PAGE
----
Fearing a Fear of Germs
How Did the Surgical Mask Transform from a Sign of Bigotry to a Sign of Care?
Whenever I see a medical face mask today, I immediately think of a photograph on the cover of Jerry Falwell’s Moral Majority Report from July 1983. The cover depicts a white family—father, mother, and two children—all wearing masks. The headline reads “Homosexual Diseases Threaten American Families.” While it wouldn’t be hard to imagine a “Chinese Viruses Threaten American Families” graphic produced today, the medical masks accompanying the xenophobic sentiment would be. Members of today’s libertarian Right are more likely to take a chainsaw to a surgical mask, viewing them as symbols of an alarming expansion of government power and scientific expertise, than to wear one, even to allay a fear of “foreign” germs.
I’ve studied and written about the AIDS crisis in North America and I’ve tried consciously not to superimpose pandemics of the past onto either HIV/AIDS or COVID-19. This should be straightforward. I don’t think of history as being necessarily edifying or as offering up clear lessons for the present. The two pandemics don’t share the striking parallels that other disease comparisons elicit: Coronavirus is not always physically disfiguring as AIDS often was, it does not elicit disgust in its beholders as AIDS sometimes could, and it is not freighted with sexual or “lifestyle” transmission.
And yet, this image of medical masks as symbols of homophobia haunts me. They are affixed so firmly in my mind to the Christian Right, and a cynical deployment of a dystopian image that places gay people as being outside of American citizenship, that it is mind-boggling for me to see masks as an iconic part of a material culture of Black Lives Matters protests today.
Maybe every generation develops its own relationship to, and ideas about, germs and contagion that limits our ability to understand contemporary medical threats in new ways. Perhaps we are all always “thinking with the banisters of the past,” as Hannah Arendt put it, and not taking reality on its own terms. Maybe my generation has been so shaped by AIDS, or more accurately, public health responses that aimed to quell fears about contagion and the attendant prejudices that often surrounded them, that I can’t help but see a fear of germs as an inherent act of discrimination and intolerance. I am predisposed to be wary of new habits and ways of being that will develop in the face of novel diseases.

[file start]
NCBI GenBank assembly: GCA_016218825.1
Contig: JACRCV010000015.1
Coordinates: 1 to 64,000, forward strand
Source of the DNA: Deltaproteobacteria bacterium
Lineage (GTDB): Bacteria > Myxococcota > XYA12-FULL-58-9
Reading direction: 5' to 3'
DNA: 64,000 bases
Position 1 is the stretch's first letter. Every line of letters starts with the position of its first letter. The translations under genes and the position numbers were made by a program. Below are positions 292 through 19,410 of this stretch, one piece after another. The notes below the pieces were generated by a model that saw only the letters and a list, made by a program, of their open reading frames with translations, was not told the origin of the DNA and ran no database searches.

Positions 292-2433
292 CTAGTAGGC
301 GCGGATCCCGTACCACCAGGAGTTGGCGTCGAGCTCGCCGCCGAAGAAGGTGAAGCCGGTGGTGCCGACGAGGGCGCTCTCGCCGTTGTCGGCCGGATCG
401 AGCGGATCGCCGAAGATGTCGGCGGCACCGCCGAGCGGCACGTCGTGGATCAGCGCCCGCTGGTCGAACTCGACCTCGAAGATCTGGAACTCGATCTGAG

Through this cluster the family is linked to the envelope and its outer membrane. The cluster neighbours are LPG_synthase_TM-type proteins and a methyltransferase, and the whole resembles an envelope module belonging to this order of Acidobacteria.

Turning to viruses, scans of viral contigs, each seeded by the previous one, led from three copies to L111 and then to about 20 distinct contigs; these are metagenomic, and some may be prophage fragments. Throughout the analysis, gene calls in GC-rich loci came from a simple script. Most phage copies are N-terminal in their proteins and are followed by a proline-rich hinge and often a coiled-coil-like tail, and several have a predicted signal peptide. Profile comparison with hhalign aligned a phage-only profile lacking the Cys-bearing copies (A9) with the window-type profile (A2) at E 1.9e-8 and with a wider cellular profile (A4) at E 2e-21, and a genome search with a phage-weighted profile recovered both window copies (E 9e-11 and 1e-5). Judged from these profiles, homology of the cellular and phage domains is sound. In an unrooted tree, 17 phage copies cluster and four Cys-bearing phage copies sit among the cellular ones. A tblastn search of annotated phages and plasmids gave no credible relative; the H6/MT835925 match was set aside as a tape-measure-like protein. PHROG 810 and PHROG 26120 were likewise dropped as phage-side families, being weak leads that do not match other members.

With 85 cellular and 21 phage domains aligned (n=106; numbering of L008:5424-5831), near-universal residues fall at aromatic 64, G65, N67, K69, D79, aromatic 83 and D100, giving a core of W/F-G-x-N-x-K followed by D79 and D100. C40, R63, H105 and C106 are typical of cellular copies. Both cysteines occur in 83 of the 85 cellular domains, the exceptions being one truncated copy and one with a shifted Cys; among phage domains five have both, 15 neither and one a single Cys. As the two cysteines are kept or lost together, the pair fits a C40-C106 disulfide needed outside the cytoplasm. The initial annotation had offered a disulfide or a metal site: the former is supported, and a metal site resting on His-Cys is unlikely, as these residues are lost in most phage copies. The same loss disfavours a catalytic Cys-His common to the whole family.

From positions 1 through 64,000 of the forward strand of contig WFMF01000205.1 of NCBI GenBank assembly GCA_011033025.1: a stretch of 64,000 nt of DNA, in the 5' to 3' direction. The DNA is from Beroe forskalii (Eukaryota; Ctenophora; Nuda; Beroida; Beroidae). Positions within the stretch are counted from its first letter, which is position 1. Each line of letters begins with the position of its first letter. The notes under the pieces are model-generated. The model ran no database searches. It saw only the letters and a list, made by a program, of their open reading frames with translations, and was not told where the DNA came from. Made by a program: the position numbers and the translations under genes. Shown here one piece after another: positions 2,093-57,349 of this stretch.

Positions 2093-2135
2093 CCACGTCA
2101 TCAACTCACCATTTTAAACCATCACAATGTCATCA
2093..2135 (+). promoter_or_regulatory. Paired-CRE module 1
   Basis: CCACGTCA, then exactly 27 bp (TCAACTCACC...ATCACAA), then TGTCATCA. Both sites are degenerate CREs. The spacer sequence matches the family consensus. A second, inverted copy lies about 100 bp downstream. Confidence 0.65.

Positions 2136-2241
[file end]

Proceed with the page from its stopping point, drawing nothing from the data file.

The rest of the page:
Maybe every generation develops its own relationship to and ideas about germs and contagion.
In her book, The Gospel of Germs, historian of medicine Nancy Tomes described how public health campaigns in the early 20th century that encouraged people to think of hidden worlds of germs on surfaces and in the air instilled a fear of contagion in North Americans. Thanks to these efforts, people saw danger lurking in household surfaces, dirt, and flies, as well as dust and saliva. When HIV/AIDS emerged, this approach to health and safety contributed to stigma and anxiety.